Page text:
The French government has abandoned its goal of welcoming 100 million foreign visitors in 2020, blaming the impacts of months of anti-government protests and Britain's looming exit from the EU, the finance ministry said Tuesday.
"France still aims to have 100 million foreign tourists... nonetheless the goal has been pushed back, given current circumstances, to 2022," the ministry said in a budget document posted online.
The previous Socialist government set the ambitious goal in 2014.
France remains the world's top tourist destination with 89.4 million visitors last year. But the fierce "yellow vest" protests that erupted last November against President Emmanuel Macron made many tourists think twice as the weekly rallies often degenerated into violence.
In Paris in particular, protesters often clashed in running battles with police, while stores were looted and cars set alight on the famed Champs-Elysees avenue and elsewhere.
That led the authorities to lock down much of the centre of Paris and other major cities on Saturdays, until the protests died down over the summer.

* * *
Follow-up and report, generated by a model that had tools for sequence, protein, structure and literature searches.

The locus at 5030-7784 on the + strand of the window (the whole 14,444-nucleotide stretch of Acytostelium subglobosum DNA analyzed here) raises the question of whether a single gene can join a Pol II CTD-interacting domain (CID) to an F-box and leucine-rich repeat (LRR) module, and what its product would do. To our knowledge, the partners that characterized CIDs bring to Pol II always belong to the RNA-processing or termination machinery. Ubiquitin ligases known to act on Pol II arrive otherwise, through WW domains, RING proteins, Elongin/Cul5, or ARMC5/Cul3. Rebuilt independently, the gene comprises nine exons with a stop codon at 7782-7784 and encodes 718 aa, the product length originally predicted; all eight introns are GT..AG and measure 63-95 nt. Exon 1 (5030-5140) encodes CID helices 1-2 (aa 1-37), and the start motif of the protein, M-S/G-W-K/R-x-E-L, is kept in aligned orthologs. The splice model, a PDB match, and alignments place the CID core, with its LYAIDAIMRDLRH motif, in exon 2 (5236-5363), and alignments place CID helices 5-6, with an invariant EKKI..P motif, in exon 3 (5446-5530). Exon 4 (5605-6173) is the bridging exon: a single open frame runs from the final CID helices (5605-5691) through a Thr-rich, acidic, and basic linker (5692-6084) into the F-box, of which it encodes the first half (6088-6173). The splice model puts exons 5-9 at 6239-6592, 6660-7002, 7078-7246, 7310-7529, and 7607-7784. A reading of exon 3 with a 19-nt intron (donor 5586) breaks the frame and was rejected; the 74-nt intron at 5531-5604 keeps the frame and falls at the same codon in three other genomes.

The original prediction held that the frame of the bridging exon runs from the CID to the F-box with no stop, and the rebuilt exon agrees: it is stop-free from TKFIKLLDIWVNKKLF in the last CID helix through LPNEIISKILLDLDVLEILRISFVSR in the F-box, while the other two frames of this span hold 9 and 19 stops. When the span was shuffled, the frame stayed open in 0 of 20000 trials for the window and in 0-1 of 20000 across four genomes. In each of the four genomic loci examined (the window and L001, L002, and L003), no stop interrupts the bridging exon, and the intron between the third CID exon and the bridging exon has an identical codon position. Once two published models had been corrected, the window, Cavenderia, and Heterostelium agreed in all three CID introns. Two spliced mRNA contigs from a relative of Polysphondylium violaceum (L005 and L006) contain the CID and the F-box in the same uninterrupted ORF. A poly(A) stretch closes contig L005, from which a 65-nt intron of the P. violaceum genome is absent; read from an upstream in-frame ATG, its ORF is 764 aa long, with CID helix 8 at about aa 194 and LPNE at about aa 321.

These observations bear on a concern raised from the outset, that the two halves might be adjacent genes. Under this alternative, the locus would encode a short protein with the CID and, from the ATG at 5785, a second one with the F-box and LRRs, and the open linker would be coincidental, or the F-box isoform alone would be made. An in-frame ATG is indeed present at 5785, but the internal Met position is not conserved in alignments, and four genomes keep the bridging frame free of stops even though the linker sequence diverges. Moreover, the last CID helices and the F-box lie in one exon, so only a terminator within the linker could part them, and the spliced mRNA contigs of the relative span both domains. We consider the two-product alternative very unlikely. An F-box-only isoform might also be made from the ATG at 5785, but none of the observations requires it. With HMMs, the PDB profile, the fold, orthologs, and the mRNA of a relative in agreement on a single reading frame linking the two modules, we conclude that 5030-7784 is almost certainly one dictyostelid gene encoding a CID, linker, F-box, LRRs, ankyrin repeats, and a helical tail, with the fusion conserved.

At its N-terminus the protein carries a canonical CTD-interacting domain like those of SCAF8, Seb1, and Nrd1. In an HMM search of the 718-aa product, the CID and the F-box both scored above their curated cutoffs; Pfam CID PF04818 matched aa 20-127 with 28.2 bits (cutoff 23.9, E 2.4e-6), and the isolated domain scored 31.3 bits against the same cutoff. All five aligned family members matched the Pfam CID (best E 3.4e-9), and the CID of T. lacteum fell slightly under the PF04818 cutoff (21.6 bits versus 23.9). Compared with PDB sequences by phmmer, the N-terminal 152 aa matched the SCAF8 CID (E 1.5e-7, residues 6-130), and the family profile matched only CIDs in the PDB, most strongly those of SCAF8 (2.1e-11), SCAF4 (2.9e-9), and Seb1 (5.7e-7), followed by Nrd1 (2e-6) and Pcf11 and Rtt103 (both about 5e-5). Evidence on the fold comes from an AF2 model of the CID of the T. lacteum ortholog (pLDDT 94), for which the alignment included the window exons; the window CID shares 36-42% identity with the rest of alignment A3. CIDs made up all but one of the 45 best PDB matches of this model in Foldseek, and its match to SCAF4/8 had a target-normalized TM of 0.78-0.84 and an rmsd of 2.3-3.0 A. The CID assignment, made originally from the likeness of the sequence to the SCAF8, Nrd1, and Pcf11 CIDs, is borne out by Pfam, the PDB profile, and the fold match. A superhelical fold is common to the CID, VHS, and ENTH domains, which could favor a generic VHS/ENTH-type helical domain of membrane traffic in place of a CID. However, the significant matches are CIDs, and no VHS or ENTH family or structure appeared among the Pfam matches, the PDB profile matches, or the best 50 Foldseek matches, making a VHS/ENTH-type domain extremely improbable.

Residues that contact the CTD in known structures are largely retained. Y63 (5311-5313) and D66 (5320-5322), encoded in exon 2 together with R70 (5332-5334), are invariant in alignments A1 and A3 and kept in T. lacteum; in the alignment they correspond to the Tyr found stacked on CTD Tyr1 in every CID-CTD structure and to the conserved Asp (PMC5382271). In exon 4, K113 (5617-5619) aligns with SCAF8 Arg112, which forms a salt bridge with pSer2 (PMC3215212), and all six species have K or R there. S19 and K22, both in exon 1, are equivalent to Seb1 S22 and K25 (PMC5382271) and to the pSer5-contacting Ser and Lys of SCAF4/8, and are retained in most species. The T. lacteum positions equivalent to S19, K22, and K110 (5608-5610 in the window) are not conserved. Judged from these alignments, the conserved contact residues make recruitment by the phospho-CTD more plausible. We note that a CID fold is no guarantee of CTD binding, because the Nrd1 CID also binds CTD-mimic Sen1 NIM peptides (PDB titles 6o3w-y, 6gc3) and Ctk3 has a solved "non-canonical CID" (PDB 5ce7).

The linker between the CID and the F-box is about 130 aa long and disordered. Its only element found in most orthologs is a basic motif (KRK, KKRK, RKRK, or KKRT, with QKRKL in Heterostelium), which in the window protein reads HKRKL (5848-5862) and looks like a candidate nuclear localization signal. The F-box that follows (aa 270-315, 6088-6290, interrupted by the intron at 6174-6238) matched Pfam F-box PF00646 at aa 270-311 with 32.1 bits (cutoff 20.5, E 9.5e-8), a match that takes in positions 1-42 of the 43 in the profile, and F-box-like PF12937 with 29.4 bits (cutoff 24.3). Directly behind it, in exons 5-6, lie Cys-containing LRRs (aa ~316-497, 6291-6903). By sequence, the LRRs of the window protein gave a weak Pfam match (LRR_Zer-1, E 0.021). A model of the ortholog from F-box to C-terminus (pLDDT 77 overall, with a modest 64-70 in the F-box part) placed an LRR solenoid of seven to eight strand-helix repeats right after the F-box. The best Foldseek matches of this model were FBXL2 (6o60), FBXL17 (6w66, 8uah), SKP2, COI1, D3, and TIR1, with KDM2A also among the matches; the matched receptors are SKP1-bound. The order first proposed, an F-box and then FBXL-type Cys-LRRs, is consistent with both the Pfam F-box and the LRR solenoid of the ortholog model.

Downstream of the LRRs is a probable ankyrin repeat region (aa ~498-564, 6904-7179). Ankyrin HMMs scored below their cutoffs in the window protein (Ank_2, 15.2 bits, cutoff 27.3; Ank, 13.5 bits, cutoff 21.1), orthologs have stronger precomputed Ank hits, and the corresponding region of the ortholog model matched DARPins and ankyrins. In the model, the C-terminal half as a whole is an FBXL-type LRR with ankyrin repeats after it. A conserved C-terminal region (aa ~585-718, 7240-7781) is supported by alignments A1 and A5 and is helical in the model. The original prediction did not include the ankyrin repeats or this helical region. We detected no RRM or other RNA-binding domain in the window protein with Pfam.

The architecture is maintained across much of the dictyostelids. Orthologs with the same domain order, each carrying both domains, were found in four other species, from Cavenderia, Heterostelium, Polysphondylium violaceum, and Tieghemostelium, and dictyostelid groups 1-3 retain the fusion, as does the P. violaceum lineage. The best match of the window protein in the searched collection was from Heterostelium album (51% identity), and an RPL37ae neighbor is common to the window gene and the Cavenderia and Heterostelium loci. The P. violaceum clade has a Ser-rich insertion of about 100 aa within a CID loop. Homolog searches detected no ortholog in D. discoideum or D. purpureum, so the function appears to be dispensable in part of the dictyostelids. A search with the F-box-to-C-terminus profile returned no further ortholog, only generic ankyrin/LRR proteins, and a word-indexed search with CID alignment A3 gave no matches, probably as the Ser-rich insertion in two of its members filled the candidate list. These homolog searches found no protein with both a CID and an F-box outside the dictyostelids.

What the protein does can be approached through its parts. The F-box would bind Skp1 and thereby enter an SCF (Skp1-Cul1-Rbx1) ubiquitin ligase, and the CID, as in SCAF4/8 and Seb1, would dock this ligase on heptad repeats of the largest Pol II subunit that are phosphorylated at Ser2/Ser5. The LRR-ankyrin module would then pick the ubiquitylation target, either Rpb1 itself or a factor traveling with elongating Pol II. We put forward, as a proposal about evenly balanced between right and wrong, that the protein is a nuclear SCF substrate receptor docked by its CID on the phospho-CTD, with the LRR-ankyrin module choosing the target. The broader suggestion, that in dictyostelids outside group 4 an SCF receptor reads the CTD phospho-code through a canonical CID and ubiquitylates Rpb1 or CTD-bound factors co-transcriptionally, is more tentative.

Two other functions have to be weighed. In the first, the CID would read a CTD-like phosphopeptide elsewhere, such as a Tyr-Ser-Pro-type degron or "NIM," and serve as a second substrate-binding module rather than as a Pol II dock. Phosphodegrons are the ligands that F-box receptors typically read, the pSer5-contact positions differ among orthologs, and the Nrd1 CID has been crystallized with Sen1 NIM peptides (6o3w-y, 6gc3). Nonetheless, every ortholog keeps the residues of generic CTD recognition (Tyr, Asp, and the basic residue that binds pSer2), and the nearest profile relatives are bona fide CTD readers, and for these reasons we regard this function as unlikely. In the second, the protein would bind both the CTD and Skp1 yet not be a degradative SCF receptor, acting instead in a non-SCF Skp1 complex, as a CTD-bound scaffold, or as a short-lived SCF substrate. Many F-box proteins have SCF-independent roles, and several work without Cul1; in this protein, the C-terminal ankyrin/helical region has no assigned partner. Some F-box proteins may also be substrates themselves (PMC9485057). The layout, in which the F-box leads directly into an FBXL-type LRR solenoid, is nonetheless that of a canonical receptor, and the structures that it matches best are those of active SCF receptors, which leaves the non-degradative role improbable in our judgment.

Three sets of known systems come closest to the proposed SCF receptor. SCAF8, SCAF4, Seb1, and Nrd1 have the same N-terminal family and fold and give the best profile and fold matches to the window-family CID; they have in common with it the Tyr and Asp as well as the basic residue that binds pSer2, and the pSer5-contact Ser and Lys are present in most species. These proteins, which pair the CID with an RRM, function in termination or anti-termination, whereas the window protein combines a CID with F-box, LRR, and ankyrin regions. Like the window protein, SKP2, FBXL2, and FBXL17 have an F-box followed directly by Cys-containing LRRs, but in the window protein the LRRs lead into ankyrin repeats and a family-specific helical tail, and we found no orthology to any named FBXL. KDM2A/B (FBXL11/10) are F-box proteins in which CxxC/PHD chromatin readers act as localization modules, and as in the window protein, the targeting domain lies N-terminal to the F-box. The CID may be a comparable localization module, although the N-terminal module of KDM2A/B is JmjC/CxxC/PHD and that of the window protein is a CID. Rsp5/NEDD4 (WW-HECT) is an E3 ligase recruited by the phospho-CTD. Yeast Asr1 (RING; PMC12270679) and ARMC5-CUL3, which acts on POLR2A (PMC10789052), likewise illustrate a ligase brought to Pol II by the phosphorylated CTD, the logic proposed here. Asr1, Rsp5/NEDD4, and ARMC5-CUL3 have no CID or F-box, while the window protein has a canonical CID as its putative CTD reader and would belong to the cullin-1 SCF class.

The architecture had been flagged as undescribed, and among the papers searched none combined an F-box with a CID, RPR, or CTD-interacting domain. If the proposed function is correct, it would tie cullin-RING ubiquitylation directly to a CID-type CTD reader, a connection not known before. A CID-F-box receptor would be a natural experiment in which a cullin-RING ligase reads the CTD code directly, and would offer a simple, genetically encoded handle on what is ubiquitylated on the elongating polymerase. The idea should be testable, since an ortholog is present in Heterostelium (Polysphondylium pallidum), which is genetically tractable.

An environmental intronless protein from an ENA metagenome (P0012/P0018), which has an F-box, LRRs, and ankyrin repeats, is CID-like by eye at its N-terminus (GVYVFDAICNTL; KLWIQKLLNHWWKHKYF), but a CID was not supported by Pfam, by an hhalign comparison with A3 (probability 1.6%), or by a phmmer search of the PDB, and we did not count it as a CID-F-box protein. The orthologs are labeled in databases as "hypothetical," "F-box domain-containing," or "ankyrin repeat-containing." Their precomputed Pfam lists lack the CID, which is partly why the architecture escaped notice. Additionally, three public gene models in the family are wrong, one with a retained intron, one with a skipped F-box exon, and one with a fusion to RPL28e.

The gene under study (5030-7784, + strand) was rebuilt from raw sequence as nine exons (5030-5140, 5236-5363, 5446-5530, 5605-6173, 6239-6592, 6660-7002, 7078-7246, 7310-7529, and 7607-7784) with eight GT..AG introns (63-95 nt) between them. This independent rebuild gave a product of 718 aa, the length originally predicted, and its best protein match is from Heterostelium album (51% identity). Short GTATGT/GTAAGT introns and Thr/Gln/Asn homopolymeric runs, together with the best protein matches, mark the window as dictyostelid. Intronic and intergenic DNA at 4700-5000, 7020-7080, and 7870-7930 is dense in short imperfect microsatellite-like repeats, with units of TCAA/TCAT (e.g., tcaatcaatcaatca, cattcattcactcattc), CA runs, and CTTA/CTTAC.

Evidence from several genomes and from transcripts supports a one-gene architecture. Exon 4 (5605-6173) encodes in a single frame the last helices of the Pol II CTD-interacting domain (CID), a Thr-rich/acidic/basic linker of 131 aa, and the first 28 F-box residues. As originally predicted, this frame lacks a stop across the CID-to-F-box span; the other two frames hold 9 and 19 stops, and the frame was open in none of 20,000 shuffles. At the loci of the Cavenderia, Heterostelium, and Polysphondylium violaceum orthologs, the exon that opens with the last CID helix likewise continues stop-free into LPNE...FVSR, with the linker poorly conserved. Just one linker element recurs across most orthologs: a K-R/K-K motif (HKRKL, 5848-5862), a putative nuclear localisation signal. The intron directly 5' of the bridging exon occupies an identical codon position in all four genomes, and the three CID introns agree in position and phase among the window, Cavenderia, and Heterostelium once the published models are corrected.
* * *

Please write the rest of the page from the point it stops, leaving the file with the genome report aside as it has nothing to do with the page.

Another factor likely to impact tourism is the weakening of the British pound against the euro as the impact of Brexit is felt across the UK economy.
The Insee statistics office has already reported that the number of overnight stays in tourist accommodation across France fell by 2.5 percent in the first quarter, with the larger Paris Ile-de-France region down 4.8 percent.
"Indicators for the first months of 2019 suggest a decline in foreign tourism stays during the first half of the year," the ministry document said Tuesday.
"This trend is explained largely by the nationwide social movements in the country at the beginning of the year, which impacted reservations over the medium and long term," the document said.
It also noted the effect of the pound's decline against the euro, with "the United Kingdom being our biggest source of tourists," it said.